Your Ultimate Mobile Tech Source


Your Ultimate Mobile Tech Source

Razer Kishi Virtual Controller mode hands-on

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Razer's Kishi line have been the go-to controllers on Android thanks to quality ergonomics and ease of use, with the Kishi V2 offering a design similar to the Backbone controller. Having reviewed the Razer Kishi V2 last June, we were impressed, though it was clear the supporting app needed some work. A new update for the Razer Nexus app brings it to 2.0, adding some much-need functionality and support for a new Virtual Controller mode. With this brand-new new feature in the Razer Nexus app, anyone can map the Kishi V2's physical controls to the touchscreen to finally tackle touchscreen-only games with something a lot more tactile. This is why I've gone hands-on with the new 2.0 update for Razer Nexus, to see just how well the fresh Virtual Controller mode works. Let's dig in.

Razer Kishi Virtual Controller mode dropdown settings

Razer Nexus Virtual Controller mode settings

The first thing to keep in mind is that the new Virtual Controller mode is that it's only in beta, so your mileage may vary. On my end, things seem pretty stable, though you will need to update your Kishi's firmware through the Nexus app before you can turn on the new Virtual Controller mode. Once you've done this, you'll then have to grant a permission to allow the Razer Nexus app to overlay over other apps and another permission for accessibility, which is always annoying to be forced outside an app to scroll to specific permissions in the OS settings to turn them on. But once you've set them up, you won't have to worry about these permissions again, so it's only a slight annoyance.

Now that you've allowed the correct permissions, you can turn on the overlay feature with a simple toggle. From here, simply launch a game through the Razer Nexus app, and you'll notice an overlay circle at the top of the screen that houses all of the Virtual Controller mode settings. This is how you will overlay the Virtual Controller mode buttons over the touchscreen buttons in a game of your choosing. It's a drag-and-drop affair, so it's pretty simple to add all the buttons you need.

Razer Kishi Virtual Controller mode genshin overlay

Genshin Impact Virtual Controller mode overlays

Seeing that this post is a hands-on, I, of course, tested a few games, like Final Fantasy VI and Genshin Impact. The virtual controls work just as expected, allowing anyone to use the physical buttons on the Kishi V2 to control touch-only games. While Razer isn't the first to offer such a feature, it's still a great addition for anyone who owns a Kishi V2, as the Virtual Controller mode essentially opens up physical controller support for the vast majority of games on Android.

Left: Button placement that works. Right: Same button placement doesn't work

However, there are some caveats. For instance, Final Fantasy 6 offers virtual controls that require taps in specific spots on the screen. Depending on if you're in a battle or walking the map, the positions of the game's buttons change. This can be challenging for the Razer Nexus overlays since you have to set them in specific positions, and once set, you have to dip into the settings to move them. This means you'll either have to constantly juggle the Razer Nexus Virtual Controller mode settings or be fine using a mix of touch controls along with controller support for things like the d-pad. Conversely, in a game like Genshin Impact that uses a static touch control interface through all gameplay, you can set your Virtual Controller mode buttons once to create a full controller layout, and you're done. So how well the Nexus app's overlays work will depend on the design of a mobile game's touchscreen controls. Thanks to individual support for button opacity, you can even hide the Virtual Controller mode buttons to keep the screen uncluttered.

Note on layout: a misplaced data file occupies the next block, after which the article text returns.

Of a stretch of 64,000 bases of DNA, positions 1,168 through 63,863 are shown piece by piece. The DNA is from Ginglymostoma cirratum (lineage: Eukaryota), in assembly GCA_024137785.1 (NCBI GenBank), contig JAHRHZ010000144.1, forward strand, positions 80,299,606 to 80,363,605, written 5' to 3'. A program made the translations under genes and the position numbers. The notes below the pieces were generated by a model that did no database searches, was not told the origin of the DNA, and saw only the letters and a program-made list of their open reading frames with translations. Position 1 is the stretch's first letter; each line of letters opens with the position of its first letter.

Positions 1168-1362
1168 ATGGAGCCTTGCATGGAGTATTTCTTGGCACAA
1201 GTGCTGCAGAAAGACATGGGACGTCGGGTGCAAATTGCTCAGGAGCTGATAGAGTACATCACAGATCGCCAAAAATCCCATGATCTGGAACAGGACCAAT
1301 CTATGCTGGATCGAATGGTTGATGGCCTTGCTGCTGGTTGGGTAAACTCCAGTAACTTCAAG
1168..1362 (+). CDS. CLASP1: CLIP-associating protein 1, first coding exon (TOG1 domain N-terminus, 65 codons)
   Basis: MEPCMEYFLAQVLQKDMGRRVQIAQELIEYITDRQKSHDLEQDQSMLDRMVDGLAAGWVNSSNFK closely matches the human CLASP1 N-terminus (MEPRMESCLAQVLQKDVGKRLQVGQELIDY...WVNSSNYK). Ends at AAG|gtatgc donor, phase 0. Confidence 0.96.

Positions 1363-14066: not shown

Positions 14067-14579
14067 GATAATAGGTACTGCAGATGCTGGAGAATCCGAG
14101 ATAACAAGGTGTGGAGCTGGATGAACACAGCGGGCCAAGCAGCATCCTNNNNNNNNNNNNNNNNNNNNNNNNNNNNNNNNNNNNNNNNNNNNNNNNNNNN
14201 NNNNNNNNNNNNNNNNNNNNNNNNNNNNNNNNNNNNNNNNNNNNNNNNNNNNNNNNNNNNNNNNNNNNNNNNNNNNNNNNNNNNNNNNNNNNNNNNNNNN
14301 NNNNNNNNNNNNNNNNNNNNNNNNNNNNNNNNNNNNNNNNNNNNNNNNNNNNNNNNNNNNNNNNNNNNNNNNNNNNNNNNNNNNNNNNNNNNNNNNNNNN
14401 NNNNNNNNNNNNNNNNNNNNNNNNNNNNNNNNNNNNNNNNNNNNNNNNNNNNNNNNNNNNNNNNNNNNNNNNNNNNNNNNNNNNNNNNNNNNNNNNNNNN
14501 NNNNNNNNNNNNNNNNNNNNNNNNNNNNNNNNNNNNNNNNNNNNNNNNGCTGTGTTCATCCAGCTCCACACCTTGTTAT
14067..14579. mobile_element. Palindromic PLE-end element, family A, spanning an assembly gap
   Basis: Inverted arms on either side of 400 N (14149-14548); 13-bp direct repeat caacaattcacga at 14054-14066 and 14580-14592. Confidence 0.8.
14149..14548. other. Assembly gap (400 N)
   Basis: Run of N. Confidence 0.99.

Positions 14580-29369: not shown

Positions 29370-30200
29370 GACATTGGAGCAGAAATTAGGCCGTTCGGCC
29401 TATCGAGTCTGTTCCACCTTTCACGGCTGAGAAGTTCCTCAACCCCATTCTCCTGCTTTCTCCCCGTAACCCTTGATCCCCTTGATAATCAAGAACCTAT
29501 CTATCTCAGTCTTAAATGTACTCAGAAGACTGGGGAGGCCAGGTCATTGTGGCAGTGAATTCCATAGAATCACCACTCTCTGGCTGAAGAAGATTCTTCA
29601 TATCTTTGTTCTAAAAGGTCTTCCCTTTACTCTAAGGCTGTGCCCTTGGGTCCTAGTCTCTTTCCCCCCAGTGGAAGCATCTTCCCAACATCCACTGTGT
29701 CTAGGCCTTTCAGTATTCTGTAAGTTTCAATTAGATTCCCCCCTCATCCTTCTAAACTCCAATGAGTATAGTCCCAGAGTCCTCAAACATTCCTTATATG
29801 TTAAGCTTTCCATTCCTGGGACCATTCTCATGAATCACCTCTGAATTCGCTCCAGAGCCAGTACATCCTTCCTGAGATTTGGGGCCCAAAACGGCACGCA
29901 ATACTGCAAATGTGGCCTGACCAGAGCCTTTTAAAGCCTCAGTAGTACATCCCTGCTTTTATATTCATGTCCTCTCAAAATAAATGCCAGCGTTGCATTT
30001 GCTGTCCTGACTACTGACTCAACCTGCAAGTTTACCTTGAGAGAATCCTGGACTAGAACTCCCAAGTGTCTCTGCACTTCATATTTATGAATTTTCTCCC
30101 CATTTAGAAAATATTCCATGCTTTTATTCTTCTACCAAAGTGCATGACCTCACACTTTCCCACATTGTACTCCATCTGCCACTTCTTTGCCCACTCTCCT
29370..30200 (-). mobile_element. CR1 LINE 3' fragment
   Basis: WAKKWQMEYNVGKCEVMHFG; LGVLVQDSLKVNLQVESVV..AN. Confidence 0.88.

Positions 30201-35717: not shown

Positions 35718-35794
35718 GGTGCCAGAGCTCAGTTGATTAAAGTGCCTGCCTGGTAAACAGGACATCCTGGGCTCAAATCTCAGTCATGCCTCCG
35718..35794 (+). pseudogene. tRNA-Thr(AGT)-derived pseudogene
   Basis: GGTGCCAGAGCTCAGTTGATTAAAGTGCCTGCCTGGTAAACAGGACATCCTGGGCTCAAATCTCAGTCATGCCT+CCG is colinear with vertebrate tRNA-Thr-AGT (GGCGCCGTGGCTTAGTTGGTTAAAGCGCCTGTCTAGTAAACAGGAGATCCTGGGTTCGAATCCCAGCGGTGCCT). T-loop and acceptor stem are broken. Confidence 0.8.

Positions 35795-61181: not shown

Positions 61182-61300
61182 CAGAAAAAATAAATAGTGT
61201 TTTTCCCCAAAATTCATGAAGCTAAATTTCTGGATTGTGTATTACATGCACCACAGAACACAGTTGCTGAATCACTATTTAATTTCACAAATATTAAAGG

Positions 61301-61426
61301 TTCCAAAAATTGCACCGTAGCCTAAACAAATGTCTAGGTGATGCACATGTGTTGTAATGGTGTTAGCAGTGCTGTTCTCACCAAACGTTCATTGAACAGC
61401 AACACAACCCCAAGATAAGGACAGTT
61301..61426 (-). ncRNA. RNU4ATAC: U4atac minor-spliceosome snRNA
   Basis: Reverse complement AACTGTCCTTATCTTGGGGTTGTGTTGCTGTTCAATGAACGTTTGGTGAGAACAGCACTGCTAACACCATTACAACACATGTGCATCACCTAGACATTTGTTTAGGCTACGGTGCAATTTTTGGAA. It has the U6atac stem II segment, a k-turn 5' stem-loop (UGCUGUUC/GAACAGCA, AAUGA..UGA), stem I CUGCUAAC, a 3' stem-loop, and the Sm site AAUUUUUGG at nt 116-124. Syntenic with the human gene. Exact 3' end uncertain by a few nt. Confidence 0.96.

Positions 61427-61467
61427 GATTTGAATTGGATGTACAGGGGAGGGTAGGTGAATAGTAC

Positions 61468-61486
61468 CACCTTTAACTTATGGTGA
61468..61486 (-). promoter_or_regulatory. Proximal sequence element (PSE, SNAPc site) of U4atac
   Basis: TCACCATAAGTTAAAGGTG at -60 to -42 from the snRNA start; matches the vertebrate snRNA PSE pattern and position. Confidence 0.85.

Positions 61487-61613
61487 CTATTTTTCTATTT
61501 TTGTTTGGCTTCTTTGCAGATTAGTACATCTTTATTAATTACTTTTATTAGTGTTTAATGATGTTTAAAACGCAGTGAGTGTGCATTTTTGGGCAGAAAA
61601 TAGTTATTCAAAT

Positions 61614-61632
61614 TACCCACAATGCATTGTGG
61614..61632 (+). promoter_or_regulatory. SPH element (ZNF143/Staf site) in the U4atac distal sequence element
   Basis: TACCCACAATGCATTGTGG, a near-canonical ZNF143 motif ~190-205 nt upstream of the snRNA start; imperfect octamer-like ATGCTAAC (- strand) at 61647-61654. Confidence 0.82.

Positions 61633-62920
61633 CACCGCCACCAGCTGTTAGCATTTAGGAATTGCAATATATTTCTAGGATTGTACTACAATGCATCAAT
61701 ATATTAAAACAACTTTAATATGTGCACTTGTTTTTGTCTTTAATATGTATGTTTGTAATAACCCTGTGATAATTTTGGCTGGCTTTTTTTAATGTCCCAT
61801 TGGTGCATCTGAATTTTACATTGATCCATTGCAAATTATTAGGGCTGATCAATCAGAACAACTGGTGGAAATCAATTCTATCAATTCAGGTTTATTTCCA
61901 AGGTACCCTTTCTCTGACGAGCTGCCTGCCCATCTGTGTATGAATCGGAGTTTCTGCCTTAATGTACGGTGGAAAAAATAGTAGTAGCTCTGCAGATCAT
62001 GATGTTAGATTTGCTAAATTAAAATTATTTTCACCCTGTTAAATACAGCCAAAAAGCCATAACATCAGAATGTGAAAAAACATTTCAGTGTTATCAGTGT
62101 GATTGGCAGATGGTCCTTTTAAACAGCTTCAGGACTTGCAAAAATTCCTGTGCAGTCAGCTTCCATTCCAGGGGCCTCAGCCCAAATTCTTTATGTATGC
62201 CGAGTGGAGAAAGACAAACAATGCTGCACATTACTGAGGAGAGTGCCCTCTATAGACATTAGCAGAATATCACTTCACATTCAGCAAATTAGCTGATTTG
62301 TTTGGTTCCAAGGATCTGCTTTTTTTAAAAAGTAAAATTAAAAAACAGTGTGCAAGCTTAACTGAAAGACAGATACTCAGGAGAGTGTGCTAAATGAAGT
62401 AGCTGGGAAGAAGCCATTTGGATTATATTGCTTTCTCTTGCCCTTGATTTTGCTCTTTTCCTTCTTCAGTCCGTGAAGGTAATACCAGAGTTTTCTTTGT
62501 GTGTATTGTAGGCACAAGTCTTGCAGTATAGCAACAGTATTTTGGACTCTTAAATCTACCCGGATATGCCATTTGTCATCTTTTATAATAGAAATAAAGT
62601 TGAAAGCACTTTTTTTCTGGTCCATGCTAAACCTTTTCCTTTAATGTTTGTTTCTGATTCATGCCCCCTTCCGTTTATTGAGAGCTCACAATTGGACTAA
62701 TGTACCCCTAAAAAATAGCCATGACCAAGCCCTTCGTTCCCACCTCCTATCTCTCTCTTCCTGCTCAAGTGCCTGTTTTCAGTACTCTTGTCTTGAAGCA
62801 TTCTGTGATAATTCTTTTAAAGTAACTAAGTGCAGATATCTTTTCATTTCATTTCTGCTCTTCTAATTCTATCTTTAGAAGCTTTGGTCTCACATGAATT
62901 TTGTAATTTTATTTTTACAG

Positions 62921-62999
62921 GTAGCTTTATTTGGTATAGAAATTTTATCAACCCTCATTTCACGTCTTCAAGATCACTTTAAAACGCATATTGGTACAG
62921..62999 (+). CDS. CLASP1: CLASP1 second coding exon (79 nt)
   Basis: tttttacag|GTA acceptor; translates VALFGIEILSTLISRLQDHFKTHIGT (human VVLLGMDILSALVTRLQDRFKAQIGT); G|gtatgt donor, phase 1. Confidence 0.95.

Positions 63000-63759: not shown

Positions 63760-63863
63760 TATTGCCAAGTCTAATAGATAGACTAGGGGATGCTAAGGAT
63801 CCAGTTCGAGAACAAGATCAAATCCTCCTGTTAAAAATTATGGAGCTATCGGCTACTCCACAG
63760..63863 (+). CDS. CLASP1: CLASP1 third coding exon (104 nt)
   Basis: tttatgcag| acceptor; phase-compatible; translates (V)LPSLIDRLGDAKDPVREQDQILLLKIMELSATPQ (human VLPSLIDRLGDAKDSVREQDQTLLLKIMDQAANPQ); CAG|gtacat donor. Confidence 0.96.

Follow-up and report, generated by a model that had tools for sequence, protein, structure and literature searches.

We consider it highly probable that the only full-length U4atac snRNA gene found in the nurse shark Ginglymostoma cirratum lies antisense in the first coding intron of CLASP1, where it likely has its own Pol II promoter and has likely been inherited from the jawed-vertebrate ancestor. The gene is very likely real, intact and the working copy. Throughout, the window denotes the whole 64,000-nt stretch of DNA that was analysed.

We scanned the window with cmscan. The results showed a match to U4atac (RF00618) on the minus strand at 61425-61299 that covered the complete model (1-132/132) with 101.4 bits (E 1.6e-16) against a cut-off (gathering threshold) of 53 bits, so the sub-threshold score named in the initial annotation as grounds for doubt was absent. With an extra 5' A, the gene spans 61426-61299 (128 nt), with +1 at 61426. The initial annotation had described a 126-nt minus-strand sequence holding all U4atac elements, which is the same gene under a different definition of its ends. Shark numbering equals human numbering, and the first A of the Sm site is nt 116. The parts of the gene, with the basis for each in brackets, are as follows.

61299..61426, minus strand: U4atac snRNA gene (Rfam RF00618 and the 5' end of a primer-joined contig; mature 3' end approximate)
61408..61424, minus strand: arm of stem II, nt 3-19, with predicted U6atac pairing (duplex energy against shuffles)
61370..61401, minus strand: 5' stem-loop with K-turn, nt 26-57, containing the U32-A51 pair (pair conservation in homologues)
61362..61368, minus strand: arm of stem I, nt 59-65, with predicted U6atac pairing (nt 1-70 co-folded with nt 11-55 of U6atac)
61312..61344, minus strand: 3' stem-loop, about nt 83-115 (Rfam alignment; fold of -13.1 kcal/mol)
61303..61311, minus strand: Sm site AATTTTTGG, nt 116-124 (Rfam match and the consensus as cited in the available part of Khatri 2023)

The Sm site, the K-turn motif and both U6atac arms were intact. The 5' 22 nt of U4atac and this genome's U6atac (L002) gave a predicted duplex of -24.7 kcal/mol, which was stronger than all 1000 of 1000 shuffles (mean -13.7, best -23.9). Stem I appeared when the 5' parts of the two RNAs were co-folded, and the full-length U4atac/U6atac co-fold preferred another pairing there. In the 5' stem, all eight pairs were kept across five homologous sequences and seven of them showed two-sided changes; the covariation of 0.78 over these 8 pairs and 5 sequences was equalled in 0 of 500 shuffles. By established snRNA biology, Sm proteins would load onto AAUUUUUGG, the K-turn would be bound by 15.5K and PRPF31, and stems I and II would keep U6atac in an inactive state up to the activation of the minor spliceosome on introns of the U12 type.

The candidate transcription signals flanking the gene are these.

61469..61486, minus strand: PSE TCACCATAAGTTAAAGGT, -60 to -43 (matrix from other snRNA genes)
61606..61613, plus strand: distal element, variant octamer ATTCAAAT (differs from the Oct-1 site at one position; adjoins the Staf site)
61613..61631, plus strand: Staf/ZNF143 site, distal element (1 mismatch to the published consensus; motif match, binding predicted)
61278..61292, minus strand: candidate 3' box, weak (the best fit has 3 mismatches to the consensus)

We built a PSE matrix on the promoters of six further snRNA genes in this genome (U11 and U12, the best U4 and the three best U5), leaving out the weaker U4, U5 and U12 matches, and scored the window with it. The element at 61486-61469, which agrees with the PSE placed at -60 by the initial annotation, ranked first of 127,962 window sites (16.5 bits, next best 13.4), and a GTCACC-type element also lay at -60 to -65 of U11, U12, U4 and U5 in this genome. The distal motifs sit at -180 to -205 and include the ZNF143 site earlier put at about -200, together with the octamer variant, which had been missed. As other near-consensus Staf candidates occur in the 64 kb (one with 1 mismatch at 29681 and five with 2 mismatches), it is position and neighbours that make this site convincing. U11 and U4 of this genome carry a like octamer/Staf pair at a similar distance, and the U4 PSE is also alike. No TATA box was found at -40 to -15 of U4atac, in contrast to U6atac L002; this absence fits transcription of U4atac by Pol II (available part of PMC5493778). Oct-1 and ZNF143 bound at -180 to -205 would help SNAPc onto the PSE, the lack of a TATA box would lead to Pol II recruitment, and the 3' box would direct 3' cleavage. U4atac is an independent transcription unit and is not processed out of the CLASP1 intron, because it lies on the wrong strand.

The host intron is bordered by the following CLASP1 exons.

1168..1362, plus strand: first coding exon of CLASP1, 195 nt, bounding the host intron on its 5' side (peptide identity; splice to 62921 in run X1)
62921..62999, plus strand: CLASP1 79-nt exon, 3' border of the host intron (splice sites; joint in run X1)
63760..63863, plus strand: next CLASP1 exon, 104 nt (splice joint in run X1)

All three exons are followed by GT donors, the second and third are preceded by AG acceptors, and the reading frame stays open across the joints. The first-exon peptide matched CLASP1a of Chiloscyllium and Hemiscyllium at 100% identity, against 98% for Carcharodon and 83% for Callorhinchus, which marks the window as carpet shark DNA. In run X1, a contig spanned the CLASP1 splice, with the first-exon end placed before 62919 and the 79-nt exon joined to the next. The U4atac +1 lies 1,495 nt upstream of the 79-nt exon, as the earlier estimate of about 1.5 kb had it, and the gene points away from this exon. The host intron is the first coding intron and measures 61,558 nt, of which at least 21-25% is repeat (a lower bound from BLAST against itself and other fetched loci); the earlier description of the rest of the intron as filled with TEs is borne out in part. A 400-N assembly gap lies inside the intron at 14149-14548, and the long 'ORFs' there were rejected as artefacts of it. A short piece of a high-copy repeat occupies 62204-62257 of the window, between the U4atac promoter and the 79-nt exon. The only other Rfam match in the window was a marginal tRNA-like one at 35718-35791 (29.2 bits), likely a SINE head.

Razer Kishi Virtual Controller mode button opacity

You can adjust Virtual Controller mode button opacity on a case by case basis

Also, for some reason, taking a screenshot turns off the overlay altogether, whether you take a screen from the Kishi V2's dedicated button or use your phone's shortcut. You can turn the overlay back on by jumping out of the game into the Razer Nexus app to then tap on the game icon to jump back in with the overlay working, but clearly, this is not an intended behavior, hence the fact Virtual Controller mode is still in beta. This happened in every game I tested, so it's something to look out for.

So while Razer's new beta for Virtual Controller mode isn't perfect, it certainly works well enough for many mobile games. And really, who can argue with support for more games? Hopefully, Razer will continue to develop the Nexus app to add even more features in the future. Coincidentally, the Razer Edge, a new tablet gaming device from the peripheral manufacturer, will be launching pretty soon, so it makes sense that Razer is on the ball, adding new features to its Kishi line of controllers through the Razer Nexus app. So here's hoping the good times keep on rolling, as I know I'm going to make great use of the new Virtual Controller Mode since I prefer playing mobile games with a controller.

Of course, if you happen to own a Razer Kishi V2, you can grab the Razer Nexus app in the widget below if you'd like to test out the new 2.0 update and its Virtual Controller mode.

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